Let’s look at an example. I had a client who was feeling completely hopeless about her fertility issues. When I asked her why she felt hopeless she answered “Simply put – I’ll never be a mother. My body will never sustain a pregnancy. I’m pretty much not getting the family I dreamed of having.” There were three separate painful thoughts that were leading to her feelings of hopelessness. Let’s plug the first thought into the Notice/Question/Replace process.

Notice – Her painful thought was “I’ll never be a mother.”

Question – When she asked herself “Can I know with 100% certainty that thought is true?” the answer was no. This immediately started shifting her feelings.

Replace – The client chose a replacement thought that was true for her and felt better: “I know I’ll be a mother someday but motherhood may look different then I thought it would.”

This thought work gave the client instant relief as it often does. I use this process daily in dealing with my own infertility and I know it can help you, too. Infertility is a winding road fraught with disappointments, uncertainty and wildly shifting emotions. So, grab a pen and paper and get to work on your thinking – it’s the surest and fastest path to peace.

To learn more about Melissa, and living with peace, joy and abundance in the midst of infertility, see her website: http://findingfertileground.com. Also, be sure to check out her new Fertile Ground Coaching Circle! http://findingfertileground.com/coaching-circle

Trying to Conceive? Learn the Lingo to Help You On Your Way…

Tuesday, August 25th, 2009
Fertility SeedlingFor all of you newbie TTCC’s (trying to conceive couples), or family and friends who seem lost when you talk about your TTC endeavors, here is a great little list of terms you will want to be familiar with.

BBT Charting. Basal Thermometer
Charting your Basal Body Temperature (BBT). BBT charting measures the rise in body temperature just following ovulation. By charting BBT, you can begin to understand your cycle and predict your most fertile times. Basal thermometers.

OPK s or Ovulation Tests
Ovulation predictor kits can anticipate ovulation, predicting your most fertile times. OPKs are a reliable and increasingly inexpensive way to predict ovulation accurately. Better yet, ovulation tests also provide a day or more latitude to plan for intercourse. These tests come in two formats: OPK strips and midstream.

Cervical Mucus / Cervical Mucous
Examining changes in your cervical mucus can tell you a great deal about where you are in your cycle. Directly prior to ovulation, changes in the consistency and color of your cervical mucus can alert you to impending ovulation. At ovulation, the quantity of mucus will increase greatly and the appearance will resemble “egg whites”, often semitransparent. The texture will become increasingly slippery and ‘stretchable’. This is your most fertile time.

Corpus luteum
A structure that develops in the ovary and secretes progesterone, which is vital to maintain a uterine environment capable of supporting pregnancy. When the corpus luteum stops functioning, and if a fertilized ovum does not embed in the uterine lining and the placenta begins producing hormones of its own, hormone levels quickly decrease and menstruation begins.

Chemical Pregnancy
A spontaneous miscarriage just following implantation of the egg. You may test positive for pregnancy, as hCG levels do increase for a short while; hence the term chemical pregnancy.

Follicle
It is a fluid-filled sac in the ovary that sustains the developing egg, and from which the egg is released during ovulation. The follicle is stimulated to release the ovum by a hormone called FSH (Follicle Stimulating Hormone), which is made by the pituitary gland.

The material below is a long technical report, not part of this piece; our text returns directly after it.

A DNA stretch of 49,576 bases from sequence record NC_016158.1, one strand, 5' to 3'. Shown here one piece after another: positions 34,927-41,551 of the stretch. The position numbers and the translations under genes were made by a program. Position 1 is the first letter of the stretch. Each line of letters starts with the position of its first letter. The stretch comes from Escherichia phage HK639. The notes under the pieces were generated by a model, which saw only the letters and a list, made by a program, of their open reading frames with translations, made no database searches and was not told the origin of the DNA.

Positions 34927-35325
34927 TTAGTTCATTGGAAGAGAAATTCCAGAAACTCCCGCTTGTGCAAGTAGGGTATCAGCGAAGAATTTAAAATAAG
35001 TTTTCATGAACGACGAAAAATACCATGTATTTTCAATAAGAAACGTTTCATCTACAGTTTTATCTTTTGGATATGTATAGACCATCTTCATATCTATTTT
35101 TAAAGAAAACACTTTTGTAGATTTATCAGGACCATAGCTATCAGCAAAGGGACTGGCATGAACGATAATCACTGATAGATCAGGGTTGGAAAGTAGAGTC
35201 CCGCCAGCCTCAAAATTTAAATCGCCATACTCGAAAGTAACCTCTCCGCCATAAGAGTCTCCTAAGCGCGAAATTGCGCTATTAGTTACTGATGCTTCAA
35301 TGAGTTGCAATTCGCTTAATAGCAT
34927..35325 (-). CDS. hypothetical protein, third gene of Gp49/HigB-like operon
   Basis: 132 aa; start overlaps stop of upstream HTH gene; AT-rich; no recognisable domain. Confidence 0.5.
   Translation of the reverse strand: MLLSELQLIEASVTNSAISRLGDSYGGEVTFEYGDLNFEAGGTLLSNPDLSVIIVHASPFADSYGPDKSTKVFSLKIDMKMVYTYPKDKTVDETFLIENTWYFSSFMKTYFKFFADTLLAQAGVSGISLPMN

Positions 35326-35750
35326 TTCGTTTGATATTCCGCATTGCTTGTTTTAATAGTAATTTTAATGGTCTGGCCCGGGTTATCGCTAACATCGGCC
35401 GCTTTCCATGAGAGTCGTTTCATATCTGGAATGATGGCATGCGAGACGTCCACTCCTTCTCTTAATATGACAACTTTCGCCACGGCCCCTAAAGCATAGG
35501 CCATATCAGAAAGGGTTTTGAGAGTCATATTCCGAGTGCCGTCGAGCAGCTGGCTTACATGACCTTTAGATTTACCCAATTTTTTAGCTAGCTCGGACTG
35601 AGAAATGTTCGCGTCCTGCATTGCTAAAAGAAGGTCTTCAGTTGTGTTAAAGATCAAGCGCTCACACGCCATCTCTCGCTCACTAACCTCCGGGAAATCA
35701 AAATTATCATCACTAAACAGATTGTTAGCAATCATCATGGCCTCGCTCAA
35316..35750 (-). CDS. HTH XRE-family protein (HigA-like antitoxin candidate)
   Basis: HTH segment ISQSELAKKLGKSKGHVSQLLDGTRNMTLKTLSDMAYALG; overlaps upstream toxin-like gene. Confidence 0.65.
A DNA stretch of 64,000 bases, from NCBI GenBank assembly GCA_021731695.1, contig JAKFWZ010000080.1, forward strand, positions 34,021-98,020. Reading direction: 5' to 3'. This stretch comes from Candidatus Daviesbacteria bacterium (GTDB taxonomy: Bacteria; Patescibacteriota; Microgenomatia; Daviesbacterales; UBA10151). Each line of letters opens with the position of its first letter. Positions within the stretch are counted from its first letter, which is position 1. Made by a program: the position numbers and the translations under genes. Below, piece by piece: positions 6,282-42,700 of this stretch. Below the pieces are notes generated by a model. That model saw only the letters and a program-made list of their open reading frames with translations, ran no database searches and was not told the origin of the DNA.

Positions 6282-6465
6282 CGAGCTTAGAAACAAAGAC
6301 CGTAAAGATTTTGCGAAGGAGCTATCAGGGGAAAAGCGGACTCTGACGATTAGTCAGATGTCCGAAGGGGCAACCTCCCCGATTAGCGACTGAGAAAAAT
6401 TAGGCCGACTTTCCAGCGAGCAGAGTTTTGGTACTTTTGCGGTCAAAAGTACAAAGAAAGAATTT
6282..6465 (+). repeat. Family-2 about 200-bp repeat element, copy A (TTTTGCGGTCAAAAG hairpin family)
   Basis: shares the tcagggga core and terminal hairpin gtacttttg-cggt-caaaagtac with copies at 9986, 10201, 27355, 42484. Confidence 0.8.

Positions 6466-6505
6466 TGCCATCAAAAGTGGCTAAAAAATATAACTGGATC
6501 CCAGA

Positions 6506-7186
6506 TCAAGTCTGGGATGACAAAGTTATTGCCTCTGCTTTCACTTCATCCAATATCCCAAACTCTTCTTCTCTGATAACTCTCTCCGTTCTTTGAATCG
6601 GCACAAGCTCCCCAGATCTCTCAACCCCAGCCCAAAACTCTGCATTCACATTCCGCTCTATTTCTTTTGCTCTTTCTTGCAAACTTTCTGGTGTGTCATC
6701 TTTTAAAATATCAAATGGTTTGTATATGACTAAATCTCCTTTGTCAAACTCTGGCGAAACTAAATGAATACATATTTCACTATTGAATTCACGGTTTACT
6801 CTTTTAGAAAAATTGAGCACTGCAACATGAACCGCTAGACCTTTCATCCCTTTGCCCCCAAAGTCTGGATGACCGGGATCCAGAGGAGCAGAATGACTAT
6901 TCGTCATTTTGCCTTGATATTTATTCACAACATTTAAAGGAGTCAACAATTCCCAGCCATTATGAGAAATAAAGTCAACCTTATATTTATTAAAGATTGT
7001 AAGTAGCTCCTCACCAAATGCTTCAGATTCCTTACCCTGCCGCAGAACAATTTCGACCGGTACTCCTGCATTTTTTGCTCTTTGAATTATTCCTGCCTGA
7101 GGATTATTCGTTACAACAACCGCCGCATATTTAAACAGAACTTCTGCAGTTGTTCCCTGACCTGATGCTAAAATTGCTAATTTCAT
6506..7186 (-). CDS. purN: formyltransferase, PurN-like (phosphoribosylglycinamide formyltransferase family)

Follicle-stimulating hormone (FSH)
FSH is a hormone produced by the pituitary gland. It is necessary to achieve pregnancy because it stimulates the maturation of a follicle (within the ovary), allowing for the process of ovulation.

hCG
Human chorionic gonadotropin (or hCG) is the hormone that prolongs the lifespan of the corpus luteum as well as stimulates production of progesterone, another hormone essential to maintain the pregnancy. Our early detection pregnancy tests detect the hCG hormone.

Implantation
When the fertilized egg settles into the uterine lining or endometrium.

Implantation Bleeding
A slight spotting can sometimes, but not always, result from implantation of the egg.

Luteinizing hormone (LH)
A female hormone secreted by the pituitary gland, necessary to regulate ovarian function. Ovulation tests detect LH, thus indicating peak fertility.

LH Surge
The increase in luteinizing hormone in your urine. You are most likely to become pregnant if you have intercourse within 24-48 hours after you detect your LH surge, with 36 hours marking your peak fertility time. Ovulation tests detect your lh surge, allowing you to predict fertility, the time you will most likely become pregnant.

Mittelschmerz
“Middle pain” – an ache or twinge in the lower abdomen – caused by ovulation.

Ovary
One of the two female reproductive organs in which eggs are formed.

Ovulation
The release of the egg (ovum) from the ovary. Ovulation usually occurs approximately 14 days before the next menstrual period is due. Women with irregular cycles can benefit from using a saliva ovulation microscope like Fertile Focus or Ovulook.

Ovulation Test, OPK, Ovulation Predictor Tests
A home ovulation test detects a woman’s LH-Surge – or the time a woman ovulates, allowing a determination of when conception is most likely to take place (period of peak fertility).

Pregnancy Test, HPT, hCG Home Pregnancy Test
Pregnancy tests detect in urine the hormone your body makes during pregnancy: hCG (human chorionic gonadotropin). The amount of pregnancy hormone increases as pregnancy progresses.

Progesterone
One of the female sex hormones, which is produced by the ovary and placenta. Progesterone prepares the lining of the uterus, for implantation of a fertilized egg, and helps maintain the pregnancy.

Sperm
The male reproductive cell. Healthy male sperm can survive approximately 72 hours in a woman’s body.